Right now reports are that smaller prototype versions are being tested. If you’ve got some information that a large scale version has been built, please share.

      It does seem that, if they work at large scale, they should be very cheap and I haven’t seen anyone identify anything about them that would ‘wear out’.

  • At temperatures needed for generating steam, heat-loss is pretty severe, so these tanks need to be extremely well insulated.

    I don’t really see why this is much cheaper than molten salt storage.

    • Ronald Brak

      The storage part is a lot cheaper. It’s just steel and concrete. But of course molten salt can be heated and then stored in a tank while heat has to be transferred into this system, so the overall cost will determine which is used. Perhaps molten salt will be better for solar thermal because the medium is liquid and so can be pumped around, while this system might be best for simple storage of heat from electrical resistance heating. If renewables frequently drop the price of electricity down towards zero it could be profitable to use cheap but low efficiency energy storage.

  • saurdigger

    It’s always nice to compare apples to apples in articles like this. Quoting the estimated “round-trip” efficiency is a better marker. Still looks like an interesting method, but 62-66% (as per “dynamo.joe” link) much more realistic.

    Their research reminds me of the Drake Landing solar thermal underground storage system (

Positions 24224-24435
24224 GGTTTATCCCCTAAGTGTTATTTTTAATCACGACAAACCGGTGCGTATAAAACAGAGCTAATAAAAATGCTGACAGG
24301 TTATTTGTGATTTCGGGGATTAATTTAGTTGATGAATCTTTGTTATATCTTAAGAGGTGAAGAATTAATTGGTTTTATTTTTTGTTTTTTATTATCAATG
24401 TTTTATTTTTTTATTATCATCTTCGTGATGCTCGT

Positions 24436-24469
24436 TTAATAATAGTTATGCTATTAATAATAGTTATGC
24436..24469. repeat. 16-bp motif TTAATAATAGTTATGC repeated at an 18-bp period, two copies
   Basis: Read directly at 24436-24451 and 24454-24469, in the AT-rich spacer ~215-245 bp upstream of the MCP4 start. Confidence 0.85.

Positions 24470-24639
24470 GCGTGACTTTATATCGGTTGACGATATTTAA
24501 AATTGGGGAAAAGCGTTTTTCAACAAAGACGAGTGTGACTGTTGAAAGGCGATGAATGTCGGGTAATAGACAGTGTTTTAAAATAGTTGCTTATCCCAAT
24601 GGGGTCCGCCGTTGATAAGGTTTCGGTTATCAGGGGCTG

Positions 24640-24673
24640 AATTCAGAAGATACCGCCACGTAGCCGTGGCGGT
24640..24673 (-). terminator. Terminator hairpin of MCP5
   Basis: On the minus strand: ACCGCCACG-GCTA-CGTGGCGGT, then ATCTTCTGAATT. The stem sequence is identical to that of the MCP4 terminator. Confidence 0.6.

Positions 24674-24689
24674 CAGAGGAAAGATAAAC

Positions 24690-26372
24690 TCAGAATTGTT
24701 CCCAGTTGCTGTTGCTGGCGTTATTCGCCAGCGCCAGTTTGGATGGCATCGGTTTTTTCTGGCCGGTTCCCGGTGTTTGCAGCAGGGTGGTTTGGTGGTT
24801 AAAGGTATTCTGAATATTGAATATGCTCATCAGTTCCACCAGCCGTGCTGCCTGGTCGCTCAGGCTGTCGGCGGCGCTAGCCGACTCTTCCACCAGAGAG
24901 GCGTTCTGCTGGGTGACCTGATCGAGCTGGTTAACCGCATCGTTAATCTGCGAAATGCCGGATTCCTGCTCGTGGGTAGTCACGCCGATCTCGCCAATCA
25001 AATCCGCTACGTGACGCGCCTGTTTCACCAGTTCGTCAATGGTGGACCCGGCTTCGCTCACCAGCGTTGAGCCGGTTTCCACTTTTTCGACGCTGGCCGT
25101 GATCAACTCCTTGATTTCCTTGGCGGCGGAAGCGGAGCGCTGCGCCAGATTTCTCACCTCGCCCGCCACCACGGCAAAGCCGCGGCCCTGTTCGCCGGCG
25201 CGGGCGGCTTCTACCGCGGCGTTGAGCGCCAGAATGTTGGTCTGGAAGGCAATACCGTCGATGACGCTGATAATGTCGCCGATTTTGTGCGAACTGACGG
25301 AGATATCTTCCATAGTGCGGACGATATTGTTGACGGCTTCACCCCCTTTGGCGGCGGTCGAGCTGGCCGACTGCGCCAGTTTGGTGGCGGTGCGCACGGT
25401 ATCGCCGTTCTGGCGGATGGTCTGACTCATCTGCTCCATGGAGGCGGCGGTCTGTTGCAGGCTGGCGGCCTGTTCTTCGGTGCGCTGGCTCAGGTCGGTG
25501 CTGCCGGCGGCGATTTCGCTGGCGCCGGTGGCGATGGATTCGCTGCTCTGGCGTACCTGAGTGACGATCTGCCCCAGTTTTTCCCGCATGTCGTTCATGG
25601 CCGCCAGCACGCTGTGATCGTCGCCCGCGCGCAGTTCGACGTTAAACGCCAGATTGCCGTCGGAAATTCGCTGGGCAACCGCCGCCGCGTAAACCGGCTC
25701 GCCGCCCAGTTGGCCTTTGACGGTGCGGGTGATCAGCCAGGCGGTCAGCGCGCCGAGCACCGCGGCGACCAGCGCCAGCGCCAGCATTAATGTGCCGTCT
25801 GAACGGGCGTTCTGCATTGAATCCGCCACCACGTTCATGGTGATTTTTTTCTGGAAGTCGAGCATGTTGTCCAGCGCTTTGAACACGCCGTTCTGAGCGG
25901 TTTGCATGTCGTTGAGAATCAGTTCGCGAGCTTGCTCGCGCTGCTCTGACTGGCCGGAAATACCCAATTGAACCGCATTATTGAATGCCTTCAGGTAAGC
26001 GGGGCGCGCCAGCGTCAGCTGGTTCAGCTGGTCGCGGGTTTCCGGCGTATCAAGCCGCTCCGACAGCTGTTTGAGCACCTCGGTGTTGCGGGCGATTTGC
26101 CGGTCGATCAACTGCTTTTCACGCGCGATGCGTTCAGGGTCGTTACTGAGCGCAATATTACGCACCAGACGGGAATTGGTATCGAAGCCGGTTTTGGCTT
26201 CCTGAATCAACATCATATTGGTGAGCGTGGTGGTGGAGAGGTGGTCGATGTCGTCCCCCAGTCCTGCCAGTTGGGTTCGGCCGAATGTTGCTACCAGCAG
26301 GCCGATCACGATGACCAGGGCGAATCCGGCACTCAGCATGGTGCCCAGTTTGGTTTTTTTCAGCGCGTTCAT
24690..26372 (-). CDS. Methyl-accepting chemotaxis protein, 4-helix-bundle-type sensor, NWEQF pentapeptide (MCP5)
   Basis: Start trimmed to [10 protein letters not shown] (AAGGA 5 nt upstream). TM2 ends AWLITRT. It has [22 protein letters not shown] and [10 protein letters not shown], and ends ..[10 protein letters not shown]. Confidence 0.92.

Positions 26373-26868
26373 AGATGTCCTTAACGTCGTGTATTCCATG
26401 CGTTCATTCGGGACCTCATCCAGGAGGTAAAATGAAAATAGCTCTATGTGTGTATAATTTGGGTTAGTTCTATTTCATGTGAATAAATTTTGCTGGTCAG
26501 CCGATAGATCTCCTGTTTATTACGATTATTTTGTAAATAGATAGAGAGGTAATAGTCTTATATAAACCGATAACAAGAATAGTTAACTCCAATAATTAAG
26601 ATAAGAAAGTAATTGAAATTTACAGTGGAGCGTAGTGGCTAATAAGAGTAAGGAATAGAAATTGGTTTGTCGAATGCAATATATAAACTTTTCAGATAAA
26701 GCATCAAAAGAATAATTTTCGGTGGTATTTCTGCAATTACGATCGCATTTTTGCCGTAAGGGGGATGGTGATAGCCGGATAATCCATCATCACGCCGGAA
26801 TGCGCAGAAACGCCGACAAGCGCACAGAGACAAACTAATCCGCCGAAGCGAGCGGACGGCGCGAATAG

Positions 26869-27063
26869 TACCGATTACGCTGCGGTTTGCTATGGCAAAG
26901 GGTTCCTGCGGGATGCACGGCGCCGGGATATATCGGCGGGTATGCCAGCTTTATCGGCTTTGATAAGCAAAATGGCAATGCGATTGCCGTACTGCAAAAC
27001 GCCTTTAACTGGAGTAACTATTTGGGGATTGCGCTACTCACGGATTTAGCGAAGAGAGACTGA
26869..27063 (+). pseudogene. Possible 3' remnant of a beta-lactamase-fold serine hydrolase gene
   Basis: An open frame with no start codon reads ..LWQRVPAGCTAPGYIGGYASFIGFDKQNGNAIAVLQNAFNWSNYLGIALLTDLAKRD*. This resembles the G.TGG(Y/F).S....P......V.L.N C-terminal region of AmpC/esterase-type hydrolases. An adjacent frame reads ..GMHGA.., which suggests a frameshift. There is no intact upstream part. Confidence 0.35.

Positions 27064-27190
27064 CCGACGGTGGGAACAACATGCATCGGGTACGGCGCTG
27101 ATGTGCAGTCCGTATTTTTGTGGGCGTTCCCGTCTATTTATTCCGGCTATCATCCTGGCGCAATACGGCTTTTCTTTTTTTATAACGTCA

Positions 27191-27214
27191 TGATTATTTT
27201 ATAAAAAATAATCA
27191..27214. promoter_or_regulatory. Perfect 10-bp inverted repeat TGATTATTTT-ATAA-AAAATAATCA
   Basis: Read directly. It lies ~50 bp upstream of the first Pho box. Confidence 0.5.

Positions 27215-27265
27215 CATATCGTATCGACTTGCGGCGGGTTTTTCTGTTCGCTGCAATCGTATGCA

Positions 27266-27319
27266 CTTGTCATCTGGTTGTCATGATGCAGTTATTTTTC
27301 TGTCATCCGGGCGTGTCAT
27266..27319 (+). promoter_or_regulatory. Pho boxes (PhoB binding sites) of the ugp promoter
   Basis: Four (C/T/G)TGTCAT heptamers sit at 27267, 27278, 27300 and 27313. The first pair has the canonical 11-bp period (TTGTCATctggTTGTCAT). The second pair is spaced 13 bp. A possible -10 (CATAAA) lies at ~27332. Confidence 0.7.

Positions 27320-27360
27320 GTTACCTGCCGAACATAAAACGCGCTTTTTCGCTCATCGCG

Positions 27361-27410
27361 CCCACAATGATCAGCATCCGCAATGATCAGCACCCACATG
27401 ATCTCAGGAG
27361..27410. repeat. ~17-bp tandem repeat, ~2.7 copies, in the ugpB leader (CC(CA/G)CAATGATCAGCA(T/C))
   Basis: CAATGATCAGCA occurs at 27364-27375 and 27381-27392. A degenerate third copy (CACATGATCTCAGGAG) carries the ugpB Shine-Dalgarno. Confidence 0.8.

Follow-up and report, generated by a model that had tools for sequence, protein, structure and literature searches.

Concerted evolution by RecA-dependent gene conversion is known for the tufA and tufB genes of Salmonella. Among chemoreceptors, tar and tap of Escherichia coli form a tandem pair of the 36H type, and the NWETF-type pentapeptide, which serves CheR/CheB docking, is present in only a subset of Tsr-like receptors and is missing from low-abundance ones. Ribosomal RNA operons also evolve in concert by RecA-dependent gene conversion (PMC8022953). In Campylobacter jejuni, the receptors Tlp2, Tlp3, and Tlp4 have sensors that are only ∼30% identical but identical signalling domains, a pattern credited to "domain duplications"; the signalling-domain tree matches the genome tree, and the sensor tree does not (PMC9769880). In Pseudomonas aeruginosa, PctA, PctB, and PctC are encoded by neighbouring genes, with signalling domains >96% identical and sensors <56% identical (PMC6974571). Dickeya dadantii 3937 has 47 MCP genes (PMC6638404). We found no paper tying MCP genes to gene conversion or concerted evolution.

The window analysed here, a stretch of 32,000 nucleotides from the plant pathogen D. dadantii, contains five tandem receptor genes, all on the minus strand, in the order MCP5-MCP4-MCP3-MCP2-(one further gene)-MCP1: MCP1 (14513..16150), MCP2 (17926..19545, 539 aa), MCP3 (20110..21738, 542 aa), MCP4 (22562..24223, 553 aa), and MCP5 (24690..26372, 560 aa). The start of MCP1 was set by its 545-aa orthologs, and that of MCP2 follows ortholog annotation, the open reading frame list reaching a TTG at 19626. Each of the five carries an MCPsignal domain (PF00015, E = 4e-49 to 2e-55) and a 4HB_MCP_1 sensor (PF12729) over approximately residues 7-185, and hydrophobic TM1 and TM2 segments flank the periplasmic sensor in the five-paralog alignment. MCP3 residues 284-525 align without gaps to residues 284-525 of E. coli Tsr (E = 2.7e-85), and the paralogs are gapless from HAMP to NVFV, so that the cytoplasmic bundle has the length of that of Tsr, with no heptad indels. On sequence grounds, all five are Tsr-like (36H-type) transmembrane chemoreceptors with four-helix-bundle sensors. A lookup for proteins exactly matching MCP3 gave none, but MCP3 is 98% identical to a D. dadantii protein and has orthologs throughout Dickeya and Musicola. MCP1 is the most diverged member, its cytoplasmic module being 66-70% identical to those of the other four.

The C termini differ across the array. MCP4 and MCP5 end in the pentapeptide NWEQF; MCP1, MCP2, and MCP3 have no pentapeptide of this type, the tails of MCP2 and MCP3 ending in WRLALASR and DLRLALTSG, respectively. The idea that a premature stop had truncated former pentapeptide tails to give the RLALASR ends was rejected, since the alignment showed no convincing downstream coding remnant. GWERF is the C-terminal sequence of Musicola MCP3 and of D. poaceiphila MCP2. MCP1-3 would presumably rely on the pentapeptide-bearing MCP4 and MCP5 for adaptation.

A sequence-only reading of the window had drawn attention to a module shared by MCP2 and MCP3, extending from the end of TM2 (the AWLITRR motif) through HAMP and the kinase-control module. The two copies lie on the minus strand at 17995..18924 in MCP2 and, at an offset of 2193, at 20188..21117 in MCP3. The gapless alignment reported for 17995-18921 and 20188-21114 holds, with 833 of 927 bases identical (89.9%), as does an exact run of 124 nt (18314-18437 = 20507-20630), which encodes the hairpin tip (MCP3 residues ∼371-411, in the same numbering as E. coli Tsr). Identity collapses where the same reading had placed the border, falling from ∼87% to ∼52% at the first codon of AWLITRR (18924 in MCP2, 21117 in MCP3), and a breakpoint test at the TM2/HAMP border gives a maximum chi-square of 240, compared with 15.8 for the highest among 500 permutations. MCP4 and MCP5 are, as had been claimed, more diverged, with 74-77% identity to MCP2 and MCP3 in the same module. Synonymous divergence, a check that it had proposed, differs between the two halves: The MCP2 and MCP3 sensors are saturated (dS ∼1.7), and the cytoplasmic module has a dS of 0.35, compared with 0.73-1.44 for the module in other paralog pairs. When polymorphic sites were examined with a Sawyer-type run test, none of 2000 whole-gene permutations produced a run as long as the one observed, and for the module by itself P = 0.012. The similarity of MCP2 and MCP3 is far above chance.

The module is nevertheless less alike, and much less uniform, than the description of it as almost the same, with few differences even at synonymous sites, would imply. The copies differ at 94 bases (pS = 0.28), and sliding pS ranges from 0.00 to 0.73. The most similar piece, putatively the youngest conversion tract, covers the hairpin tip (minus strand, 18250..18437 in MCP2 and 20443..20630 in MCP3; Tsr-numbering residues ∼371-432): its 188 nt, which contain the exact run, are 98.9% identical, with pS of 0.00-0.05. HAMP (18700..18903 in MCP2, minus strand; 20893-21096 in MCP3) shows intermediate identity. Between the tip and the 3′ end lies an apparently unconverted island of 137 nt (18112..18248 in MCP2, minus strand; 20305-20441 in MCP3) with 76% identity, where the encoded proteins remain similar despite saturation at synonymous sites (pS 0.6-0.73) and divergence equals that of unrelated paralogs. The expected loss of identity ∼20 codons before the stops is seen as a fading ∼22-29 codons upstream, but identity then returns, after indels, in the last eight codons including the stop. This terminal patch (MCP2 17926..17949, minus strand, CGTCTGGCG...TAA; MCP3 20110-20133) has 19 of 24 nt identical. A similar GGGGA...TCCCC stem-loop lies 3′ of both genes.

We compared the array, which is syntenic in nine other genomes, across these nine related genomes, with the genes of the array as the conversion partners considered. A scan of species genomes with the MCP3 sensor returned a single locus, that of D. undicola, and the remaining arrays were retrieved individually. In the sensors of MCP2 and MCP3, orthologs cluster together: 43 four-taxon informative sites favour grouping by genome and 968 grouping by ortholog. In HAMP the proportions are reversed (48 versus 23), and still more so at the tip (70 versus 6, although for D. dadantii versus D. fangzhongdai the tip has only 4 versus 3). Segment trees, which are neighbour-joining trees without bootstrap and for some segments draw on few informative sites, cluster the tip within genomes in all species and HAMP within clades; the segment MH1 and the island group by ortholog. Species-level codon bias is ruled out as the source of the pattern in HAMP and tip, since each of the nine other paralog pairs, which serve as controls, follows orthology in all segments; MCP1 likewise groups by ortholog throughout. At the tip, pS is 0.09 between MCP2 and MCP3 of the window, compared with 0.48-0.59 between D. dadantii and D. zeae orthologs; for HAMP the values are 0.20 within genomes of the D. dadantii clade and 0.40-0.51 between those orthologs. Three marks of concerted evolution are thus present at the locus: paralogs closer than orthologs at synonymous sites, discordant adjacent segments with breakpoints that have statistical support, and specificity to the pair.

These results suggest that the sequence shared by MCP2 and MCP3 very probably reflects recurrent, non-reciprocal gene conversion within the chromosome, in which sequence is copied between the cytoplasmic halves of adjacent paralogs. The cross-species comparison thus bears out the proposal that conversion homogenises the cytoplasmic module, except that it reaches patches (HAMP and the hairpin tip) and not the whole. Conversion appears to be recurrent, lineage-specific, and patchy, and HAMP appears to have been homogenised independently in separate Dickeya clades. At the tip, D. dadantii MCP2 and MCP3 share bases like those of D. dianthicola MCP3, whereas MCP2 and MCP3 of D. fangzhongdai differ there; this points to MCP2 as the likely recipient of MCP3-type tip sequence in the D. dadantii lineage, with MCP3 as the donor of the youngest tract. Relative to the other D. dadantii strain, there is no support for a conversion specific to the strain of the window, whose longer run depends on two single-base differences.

• While 93+% is an excellent efficiency figure, it’s not the one that matters. What matters is the round-trip efficiency, meaning how much electricity they get out of 1 kWh of heat stored.

    Most likely, the heat will be turned into electricity via a steam turbine. Current molten salt systems get somewhere between 15-20% for roundtrip efficiency, but judging by the temperatures cited here, it could be a lot higher for this solution. Nonetheless, it’s a far cry from 93%.

    Kind regards,

    Kimi Arima
    Wärtsilä Power Plants

    • Your 15-20% roundtrip efficiency is unrealistically low for molten salt. Isn’t this the loss, so that the roundtrip efficiency is 80-85% ?

      Nobody in their right mind would use molten-salt if your efficiency figure was correctl. Flow-batteries give > 65% roundtrip efficiency and they are likely comparable in cost to molten-salt.

      • CB

        Kimi is probably about right… maybe a little low. Thermal engines in this temperature range max out at about 50% efficiency. You can get more with recapturing, but I think the best that’s out there is 60% in the two-phase natural gas generators.

  • Bill Badrick

    The 93%+ is astounding, well done team.
    If you have a sec, chk out my proposal for a energy-generating molten salt 50ft h. artwork in New York City.

  • Guest

    Can you give more info on how long the energy can be stored and how much energy can be stored

    • dynamo.joe

      I didn’t see anything that listed the time, but insulation is pretty well understood, no reason it shouldn’t be able to store energy for the 10-16 or so hours the sun would be down.

      Here is a presentation with some info you might find interesting:

    • Ronald Brak

      I think current molten salt systems can store thermal energy for about a week. This can be increased, but more money will have to be spent building a better storage tank. But generally speaking, currently most energy storage usually operates over a period of an evening or a weekend, so being able to store energy for a couple of days is fine. As for how much energy can be stored, well, the storage system can be built as large as you like it. A kilo of concrete can hold nearly a kilojoule of energy for each degree celcius you raise its temperature. This means a lot of concrete is required, but as mentioned, it’s pretty cheap.

  • Can you please provide details on length of storage and scaleability?